When you're out of shape it takes mental toughness to decide you need to workout regularly. After awhile, being in shape may not be enough. You want to be the best you can be. That takes extra work, and more mental toughness. Face it, just about any physical achievement, from climbing a mountain to bench pressing a record weight, taxes your mind as well as your body. Without the right stuff in your mind, you won't push yourself to new horizons. There are plenty of workouts to toughen your body, but can you develop more mental toughness too? Yes, you can, b/c mental toughness is not inherited, so it can be learned and improved upon.
Most of us don't have access to a sports psychologist or a coach, and have to work on their own motivation. We're all individuals in our own right and have to find out by trial and error what works best for us. Here are a few things you can try:
How you choose objectives is important. Easy objectives are worth little. Although your main goal may be just to keep fit and healthy, it's a good idea to have at least one tough objective. Don't go overboard. Your goal should demand commitment and work, but still be attainable. If you aim too high, you set yourself up for disappointment and a feeling of failure. Reaching a hard-won goal makes you feel good. It gives you self-esteem and a sense of self satisfaction. This is of prime importance b/c if you don't feel good about yourself, you can't expect others to feel good about you. Lack of self-esteem can get in the way of developing a good relationship with other people as well.
Exhilaration that comes with reaching a goal doesn't last long. It's rather like working out. You don't do it once and say, "That was great. I'll remember it for the rest of my life." Instead, you say, "That was terrific, and I look forward to the next time."
Just about every demanding physical achievement brings a share of physical discomfort. As you aim higher and higher, the physical price rises and discomfort becomes pain. There's everything from dull aerobic aches to burning muscles full of lactic acids when you go anaerobic. The best way to tolerate pain is to work out with a partner or a group. Nothing helps the pain problem more than knowing it's shared. This is why running with a friend or a group of friends makes a long distance run much easier.
This is a well-known trick of psychologists, who also call it imagery, and it's common in sports. They teach you to see, hear and feel your goal performance. You begin with your arrival and warm-up. They recommend you include every detail: weather, images, smells, sounds, and positive feelings in your body. You imagine yourself completely relaxed, confident, strong, and in control of every aspect of your performance. They even have you write everything down or tape it. Then you review it and look for flaws or details that would set up an improved performance. You go somewhere quiet 3-or-4 days per week, and go through this script of your great performance. This approach helps you mentally, and that raises your physical achievement. This is something my old college soccer coach would tell us to do and believe it or not, it works. So if you're searching for something different, I would suggest giving visualization a try. What do you have to lose?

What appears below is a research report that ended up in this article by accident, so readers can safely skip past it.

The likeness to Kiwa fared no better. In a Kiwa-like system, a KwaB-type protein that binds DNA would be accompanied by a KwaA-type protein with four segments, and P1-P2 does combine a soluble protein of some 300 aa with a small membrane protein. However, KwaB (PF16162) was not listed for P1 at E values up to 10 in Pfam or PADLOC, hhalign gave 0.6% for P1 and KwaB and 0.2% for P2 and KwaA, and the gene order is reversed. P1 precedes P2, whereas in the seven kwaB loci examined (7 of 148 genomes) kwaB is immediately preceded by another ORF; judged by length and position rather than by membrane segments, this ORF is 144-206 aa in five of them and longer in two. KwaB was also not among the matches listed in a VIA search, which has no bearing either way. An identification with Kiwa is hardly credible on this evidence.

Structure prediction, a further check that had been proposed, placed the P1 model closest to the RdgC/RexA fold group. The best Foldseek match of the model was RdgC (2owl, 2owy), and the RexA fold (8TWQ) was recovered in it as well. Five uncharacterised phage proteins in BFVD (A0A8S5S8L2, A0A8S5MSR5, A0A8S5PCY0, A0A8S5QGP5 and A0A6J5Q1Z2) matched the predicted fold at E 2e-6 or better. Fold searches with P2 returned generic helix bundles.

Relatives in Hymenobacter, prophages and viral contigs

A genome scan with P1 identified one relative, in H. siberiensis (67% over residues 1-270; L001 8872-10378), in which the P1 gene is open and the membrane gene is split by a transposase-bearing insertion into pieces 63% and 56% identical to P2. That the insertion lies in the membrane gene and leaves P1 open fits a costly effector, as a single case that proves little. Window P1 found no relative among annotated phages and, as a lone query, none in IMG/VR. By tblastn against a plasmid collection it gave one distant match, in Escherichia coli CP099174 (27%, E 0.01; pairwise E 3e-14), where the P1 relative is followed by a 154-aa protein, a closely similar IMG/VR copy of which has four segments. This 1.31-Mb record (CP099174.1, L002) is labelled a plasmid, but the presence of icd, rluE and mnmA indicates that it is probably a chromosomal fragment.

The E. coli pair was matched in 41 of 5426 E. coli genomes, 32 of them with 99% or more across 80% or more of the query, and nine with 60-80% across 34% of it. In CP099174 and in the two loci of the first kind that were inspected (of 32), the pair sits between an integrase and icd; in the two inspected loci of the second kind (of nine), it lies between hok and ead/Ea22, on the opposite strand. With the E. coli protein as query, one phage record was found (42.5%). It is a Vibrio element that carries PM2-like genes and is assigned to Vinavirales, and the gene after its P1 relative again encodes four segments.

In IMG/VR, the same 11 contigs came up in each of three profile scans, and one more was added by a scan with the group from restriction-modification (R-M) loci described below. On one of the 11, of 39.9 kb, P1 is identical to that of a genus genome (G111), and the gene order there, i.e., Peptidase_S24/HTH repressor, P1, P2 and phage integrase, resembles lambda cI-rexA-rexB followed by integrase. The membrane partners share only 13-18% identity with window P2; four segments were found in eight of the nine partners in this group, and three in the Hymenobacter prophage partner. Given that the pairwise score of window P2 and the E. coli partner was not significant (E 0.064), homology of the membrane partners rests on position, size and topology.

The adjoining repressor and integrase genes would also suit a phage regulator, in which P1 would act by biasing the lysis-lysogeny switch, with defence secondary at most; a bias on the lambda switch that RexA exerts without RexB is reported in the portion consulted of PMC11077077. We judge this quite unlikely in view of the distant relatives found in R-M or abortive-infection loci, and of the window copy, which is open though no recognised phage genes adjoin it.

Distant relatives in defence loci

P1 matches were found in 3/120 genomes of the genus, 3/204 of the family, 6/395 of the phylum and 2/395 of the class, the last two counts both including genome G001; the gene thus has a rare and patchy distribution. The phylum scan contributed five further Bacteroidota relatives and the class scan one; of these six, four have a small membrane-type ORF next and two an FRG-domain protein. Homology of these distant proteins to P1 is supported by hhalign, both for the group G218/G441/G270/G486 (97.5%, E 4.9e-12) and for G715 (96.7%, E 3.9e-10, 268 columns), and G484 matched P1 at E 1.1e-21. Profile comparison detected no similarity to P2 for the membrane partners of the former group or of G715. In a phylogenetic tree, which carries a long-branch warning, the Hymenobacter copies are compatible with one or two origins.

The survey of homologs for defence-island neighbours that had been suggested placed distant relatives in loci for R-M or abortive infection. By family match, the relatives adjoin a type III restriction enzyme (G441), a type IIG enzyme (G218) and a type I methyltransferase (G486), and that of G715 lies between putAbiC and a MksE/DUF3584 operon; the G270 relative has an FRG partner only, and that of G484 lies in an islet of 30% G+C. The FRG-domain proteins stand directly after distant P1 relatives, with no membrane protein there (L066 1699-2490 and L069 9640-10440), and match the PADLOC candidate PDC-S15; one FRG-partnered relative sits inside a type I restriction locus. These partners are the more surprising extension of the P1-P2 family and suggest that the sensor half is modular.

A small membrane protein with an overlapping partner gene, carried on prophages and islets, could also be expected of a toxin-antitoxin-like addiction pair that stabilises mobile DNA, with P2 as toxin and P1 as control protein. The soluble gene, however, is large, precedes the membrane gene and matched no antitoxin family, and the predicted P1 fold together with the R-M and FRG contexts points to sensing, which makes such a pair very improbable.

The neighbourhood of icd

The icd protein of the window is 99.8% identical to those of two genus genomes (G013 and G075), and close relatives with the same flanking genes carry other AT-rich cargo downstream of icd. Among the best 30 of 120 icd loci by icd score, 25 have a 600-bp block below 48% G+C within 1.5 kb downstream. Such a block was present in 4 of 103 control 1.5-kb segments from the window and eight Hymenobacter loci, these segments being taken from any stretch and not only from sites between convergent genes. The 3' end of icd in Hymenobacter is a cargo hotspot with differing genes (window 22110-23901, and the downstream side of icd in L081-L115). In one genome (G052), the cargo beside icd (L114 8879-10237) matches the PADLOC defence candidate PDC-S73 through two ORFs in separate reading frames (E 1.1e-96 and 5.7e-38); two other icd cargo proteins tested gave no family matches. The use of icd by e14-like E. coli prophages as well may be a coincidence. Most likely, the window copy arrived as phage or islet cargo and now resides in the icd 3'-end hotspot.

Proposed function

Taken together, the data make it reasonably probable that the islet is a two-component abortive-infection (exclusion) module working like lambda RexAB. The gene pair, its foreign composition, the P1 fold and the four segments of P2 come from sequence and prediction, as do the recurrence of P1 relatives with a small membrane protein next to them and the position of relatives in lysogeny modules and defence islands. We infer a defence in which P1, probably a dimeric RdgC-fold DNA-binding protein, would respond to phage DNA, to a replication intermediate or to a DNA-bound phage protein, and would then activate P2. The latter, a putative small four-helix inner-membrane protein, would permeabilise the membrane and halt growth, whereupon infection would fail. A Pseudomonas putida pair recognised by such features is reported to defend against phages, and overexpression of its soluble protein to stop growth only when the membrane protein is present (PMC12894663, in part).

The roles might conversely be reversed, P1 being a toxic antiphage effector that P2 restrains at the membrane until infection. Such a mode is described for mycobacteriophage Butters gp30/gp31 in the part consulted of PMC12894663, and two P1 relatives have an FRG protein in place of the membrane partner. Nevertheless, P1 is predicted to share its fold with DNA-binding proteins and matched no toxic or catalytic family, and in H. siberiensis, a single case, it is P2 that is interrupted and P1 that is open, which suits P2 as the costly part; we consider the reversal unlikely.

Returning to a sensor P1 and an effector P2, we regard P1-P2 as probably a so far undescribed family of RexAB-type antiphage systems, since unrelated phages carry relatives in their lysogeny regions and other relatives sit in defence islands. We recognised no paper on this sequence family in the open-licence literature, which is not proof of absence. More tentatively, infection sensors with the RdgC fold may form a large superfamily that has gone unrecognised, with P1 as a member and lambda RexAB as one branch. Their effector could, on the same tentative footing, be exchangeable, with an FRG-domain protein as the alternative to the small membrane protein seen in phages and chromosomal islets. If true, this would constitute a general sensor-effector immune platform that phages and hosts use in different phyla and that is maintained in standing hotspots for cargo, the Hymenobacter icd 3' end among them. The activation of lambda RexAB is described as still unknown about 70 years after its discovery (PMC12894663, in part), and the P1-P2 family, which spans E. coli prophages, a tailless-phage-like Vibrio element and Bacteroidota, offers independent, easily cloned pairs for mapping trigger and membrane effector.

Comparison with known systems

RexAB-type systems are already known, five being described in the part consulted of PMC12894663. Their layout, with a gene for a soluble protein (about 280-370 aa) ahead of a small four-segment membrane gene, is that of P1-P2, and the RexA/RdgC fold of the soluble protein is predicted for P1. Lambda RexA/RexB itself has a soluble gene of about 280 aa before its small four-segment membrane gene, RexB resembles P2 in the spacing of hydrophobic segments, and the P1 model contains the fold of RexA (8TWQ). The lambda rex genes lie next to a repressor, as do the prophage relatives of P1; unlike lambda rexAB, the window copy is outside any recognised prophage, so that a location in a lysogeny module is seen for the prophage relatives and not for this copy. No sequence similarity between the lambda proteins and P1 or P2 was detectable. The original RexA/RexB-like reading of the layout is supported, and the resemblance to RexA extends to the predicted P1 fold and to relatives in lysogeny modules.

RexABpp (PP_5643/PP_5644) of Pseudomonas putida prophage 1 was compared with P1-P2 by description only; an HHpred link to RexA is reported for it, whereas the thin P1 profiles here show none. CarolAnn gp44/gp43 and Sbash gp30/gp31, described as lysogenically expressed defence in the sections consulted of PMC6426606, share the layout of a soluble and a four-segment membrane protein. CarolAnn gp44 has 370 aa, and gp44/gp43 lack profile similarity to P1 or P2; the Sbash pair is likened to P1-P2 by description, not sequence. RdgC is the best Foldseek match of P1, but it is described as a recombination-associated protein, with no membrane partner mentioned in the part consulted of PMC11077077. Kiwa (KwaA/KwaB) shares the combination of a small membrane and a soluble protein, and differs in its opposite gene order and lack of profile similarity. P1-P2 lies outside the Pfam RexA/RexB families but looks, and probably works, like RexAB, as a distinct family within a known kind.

You can get a big boost out of life by tackling a completely new adventure from time to time. Do something new which takes skills and strengths you don't have. Tackle something risky, maybe with even a hint of danger. Something that makes you feel a little fear. There's nothing wimpy about fear. It's a kind of regulating valve that gets the adrenaline flowing to tone up your system. When you can face something that brings fear, you're still in control. I don't trust people who claim to have no fear. There's nothing to hold them back from being reckless and therein lies real danger. When you've faced fear and handled it, you know you can do it again and again. Even for guys who workout regularly and stay in shape, life is not always a smooth ride. When you know you can handle fear, you're in better shape to overcome the unexpected hurdles that life sometimes puts in your path.
Tackle something you're not sure you can achieve. Take a well-calculated risk and put yourself on the line. If you never take a risk, you can't reap the greatest rewards. Each time you go for something new and challenging, two things will happen. First, you will grow as a person. Every new achievement reinforces your self-esteem. There will come a time when you'll realize that you can do just about anything if you're mentally tough. Second, your relationships with other people will develop. Nothing brings people closer than achieving a tough goal together, especially if it involves risk. People who take great chances together often have to put their safety in each others hands. There is nothing to match how they feel about each other when they succeed.
Most of your workouts will be routine and fun. Occasionally, you need to hitch your goals up a notch. This will toughen your mind and your body and add a little spice to your lifestyle. When you come to a point that feels close to your limits, it will be your mind that says "quit" is the worst four-letter word and you'll find your body will respond accordingly. The way I see it: I know my limits, I just don't obey them. Train hard, train smart, think BIG!